Robin Eckermann, who led the creation of TransACT and served as its chief architect during the 2000-2003 network rollout, said today in a reaction to an op-ed in these columns on Wednesday that the company's claim that one of the most obvious causes of poor performance lay in the inadequate CVC capacity that RSPs are purchasing was correct.
"NBN Co likes to blame the RSPs for this – but in my view, the RSPS are responding quite naturally to the high cost of CVC capacity set by NBN Co in its ill-fated quest to push up the average-revenue-per-user (ARPU) and thereby deliver an acceptable return on the network cost," he said.
Eckermann (below, right) said he had used the term "ill-fated" advisedly "because if ARPU rises, retail prices will also rise and some users at the affordability margins will relinquish fixed broadband in favour of ever more competitive and capable mobile alternatives".
"Return on investment will prove as difficult for NBN Co as it has for other Australian access network investments – such as the Telstra and Optus HFC networks and TransACT's original FTTK/VDSL network," he added.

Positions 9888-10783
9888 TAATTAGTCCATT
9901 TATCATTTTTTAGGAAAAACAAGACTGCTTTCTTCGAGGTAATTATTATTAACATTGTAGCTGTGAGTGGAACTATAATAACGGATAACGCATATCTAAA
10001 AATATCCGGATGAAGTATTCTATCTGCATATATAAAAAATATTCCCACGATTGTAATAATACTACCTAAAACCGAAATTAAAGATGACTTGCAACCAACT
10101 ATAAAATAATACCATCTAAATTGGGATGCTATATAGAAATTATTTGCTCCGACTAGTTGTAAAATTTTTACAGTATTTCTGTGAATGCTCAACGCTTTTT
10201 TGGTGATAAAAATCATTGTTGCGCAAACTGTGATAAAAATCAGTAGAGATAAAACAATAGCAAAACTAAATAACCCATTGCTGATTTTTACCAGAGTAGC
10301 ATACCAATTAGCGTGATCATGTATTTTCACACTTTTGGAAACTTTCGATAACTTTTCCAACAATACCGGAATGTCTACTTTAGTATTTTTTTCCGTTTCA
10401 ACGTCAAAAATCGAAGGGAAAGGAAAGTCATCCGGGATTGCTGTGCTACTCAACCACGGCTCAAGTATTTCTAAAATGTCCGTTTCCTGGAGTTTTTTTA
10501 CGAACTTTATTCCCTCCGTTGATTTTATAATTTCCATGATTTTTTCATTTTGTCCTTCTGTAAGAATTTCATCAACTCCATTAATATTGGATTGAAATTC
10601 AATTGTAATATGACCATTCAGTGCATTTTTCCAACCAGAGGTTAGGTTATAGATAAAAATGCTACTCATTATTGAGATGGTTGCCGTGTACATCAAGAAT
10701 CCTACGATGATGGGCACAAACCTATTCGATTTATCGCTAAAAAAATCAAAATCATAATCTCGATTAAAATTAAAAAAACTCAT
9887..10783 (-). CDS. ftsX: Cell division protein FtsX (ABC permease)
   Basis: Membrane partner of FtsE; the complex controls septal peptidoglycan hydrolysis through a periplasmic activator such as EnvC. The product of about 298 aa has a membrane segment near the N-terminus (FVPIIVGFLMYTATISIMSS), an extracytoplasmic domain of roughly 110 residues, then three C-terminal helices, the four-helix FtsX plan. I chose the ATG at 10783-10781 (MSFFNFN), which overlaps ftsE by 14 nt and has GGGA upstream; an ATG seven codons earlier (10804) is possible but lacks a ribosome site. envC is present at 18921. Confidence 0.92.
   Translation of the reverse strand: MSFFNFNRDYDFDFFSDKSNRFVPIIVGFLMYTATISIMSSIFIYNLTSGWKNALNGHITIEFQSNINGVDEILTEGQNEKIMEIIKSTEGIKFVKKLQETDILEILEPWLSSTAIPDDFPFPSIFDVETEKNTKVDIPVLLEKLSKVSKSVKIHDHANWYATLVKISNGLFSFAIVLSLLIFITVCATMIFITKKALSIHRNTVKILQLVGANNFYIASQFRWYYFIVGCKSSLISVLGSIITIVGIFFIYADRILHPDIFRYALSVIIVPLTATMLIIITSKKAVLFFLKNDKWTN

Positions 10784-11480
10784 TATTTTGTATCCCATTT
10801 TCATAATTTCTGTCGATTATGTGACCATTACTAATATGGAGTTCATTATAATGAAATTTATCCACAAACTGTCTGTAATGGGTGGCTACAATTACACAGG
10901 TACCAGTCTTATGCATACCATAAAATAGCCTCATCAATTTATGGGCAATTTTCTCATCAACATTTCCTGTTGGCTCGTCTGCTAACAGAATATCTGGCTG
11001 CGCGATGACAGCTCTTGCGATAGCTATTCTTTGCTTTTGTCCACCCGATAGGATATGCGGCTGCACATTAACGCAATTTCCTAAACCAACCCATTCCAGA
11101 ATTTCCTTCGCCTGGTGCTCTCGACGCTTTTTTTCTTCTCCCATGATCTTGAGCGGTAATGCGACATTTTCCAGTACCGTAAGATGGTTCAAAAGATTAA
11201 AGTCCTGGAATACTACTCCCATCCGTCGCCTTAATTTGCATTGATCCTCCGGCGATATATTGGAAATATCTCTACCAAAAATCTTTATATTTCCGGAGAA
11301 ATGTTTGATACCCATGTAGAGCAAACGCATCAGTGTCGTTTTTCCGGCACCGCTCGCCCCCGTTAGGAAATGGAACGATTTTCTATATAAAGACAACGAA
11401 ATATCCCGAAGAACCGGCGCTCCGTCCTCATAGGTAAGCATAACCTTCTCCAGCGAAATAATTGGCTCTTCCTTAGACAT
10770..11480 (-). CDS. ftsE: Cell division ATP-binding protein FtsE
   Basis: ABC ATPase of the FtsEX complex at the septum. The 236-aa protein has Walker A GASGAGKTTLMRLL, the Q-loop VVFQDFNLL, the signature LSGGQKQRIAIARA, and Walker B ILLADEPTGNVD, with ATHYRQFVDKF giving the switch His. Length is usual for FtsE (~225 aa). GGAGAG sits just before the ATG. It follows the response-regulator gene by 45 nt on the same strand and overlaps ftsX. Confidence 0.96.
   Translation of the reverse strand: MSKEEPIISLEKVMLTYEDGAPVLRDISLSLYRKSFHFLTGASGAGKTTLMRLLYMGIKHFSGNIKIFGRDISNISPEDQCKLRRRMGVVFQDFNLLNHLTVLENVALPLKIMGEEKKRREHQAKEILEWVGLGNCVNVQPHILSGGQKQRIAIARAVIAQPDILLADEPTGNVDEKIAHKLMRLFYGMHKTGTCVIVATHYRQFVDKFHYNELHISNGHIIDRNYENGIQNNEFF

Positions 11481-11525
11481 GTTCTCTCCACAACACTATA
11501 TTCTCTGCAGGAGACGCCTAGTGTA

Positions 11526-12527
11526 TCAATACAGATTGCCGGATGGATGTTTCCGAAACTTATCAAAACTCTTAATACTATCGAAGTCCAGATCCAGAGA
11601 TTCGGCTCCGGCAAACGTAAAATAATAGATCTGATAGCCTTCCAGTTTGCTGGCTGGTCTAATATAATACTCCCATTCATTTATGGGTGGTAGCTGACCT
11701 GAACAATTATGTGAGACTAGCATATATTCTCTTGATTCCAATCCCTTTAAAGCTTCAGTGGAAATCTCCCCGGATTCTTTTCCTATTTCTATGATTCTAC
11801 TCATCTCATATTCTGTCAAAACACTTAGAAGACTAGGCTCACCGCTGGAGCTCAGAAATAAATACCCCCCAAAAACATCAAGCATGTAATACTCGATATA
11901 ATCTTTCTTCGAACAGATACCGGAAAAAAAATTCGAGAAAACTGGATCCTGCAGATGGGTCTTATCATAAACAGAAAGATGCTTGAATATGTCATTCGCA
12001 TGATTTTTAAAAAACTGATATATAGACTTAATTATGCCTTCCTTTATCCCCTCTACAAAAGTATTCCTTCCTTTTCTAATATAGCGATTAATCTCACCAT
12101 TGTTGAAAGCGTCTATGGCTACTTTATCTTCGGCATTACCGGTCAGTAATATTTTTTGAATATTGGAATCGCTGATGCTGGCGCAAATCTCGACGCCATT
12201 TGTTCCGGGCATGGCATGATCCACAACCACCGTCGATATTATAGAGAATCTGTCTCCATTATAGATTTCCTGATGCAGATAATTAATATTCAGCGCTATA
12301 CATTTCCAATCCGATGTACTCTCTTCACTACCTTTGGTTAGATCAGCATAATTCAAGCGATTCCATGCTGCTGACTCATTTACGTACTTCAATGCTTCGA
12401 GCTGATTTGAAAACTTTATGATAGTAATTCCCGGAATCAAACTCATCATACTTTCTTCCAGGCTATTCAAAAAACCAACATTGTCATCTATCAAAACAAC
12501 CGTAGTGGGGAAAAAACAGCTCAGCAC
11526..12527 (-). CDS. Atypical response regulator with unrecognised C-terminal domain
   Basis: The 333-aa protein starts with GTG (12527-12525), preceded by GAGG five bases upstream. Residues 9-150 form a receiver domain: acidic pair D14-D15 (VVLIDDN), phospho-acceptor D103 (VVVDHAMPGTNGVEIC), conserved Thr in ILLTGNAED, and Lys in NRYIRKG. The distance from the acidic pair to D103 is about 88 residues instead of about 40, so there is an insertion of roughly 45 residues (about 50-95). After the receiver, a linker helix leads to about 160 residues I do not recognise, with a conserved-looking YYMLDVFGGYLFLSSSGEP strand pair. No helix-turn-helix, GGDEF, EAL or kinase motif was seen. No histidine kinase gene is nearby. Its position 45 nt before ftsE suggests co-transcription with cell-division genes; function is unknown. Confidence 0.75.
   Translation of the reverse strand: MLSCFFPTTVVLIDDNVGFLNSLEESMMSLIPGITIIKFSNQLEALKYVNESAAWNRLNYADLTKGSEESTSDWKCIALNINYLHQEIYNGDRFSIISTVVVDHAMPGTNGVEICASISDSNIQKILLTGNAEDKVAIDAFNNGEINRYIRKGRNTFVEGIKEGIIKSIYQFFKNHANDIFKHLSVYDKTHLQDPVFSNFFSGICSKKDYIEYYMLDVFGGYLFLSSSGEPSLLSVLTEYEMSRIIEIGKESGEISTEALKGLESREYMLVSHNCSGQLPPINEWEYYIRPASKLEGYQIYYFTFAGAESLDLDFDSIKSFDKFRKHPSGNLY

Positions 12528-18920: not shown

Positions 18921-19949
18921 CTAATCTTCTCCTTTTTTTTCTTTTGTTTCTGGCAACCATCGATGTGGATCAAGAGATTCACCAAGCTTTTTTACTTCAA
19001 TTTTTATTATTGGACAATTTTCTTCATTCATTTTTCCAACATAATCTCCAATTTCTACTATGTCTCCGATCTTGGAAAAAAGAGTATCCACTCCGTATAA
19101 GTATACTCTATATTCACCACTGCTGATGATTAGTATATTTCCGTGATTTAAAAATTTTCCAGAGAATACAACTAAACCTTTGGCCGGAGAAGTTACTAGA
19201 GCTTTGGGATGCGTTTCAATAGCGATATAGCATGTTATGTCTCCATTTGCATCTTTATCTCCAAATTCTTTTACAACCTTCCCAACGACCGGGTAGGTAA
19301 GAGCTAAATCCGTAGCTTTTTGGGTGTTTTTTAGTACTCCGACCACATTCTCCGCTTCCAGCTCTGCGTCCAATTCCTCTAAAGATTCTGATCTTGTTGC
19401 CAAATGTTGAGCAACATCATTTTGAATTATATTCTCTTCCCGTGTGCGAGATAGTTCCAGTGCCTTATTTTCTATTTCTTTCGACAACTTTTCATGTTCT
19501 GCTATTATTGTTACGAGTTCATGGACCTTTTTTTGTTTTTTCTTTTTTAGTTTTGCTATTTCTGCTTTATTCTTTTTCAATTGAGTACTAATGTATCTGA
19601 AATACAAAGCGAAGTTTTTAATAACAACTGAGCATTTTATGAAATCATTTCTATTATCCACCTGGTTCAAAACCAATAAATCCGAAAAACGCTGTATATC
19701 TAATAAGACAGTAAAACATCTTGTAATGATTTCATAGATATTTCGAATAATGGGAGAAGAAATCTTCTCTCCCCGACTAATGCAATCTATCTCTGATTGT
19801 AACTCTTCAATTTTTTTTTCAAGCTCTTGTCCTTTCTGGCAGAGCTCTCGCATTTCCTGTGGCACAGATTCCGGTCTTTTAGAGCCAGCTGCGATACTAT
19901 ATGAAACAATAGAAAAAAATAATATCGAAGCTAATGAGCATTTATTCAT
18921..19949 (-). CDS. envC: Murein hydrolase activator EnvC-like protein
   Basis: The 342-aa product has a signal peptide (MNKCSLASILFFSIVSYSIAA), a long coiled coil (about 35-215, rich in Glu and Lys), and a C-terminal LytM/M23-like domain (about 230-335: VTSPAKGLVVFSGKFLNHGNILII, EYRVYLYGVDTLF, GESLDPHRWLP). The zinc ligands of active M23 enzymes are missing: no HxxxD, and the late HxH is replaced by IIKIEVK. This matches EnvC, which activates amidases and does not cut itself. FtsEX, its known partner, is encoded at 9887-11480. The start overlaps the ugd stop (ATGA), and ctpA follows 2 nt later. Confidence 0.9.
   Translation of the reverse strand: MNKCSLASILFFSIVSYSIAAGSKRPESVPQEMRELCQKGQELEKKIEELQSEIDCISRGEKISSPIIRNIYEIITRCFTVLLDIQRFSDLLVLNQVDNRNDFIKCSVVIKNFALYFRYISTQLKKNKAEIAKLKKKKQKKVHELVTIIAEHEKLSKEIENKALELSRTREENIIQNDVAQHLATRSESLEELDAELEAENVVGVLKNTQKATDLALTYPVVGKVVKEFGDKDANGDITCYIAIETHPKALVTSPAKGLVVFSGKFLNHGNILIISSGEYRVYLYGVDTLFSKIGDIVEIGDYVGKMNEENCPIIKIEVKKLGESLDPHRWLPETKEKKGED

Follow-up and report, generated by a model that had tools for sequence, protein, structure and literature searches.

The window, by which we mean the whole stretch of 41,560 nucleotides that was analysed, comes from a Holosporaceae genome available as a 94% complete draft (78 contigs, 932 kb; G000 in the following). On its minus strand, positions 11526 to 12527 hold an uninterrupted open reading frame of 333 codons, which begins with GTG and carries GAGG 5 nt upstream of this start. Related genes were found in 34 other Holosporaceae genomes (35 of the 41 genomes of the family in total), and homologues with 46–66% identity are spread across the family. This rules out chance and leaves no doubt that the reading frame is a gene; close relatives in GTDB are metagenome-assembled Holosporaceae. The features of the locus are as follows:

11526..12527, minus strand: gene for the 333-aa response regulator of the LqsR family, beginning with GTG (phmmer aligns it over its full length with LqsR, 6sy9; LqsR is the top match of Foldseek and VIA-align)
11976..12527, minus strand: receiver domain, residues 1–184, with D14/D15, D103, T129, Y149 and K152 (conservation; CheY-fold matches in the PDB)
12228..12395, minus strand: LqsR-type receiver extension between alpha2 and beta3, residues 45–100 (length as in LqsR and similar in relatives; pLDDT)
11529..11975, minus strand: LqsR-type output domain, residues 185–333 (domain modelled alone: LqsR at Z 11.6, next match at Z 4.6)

In the past, Eckermann has been quoted as saying that the pressure to keep the cost of the NBN off the budget books by "clinging to the illusion that it will be a profitable investment has created a massive problem that will sooner or later have to be addressed".
He made a similar comment today, saying that "a key element of the way forward needs to involve unlocking performance by dramatically reducing or eliminating CVC charges, accepting that (in the words of Bevan Slattery) you can have any two, but only two, of the following three objectives: performance, return-on-investment and affordability.
"The 'book value' of the NBN needs ultimately to be written down to something more consistent with its earning potential - but such a writedown will be more than offset by the strategic benefits to Australia in its exploitation of the growing digital economy."
Eckermann claimed that until something like this was done, most of the NBN's transformative potential was being "forfeited by pricing policies that drove users to lower connection speeds and/or nobbled the performance of circuits during busy periods which, by definition, are when users most want connectivity".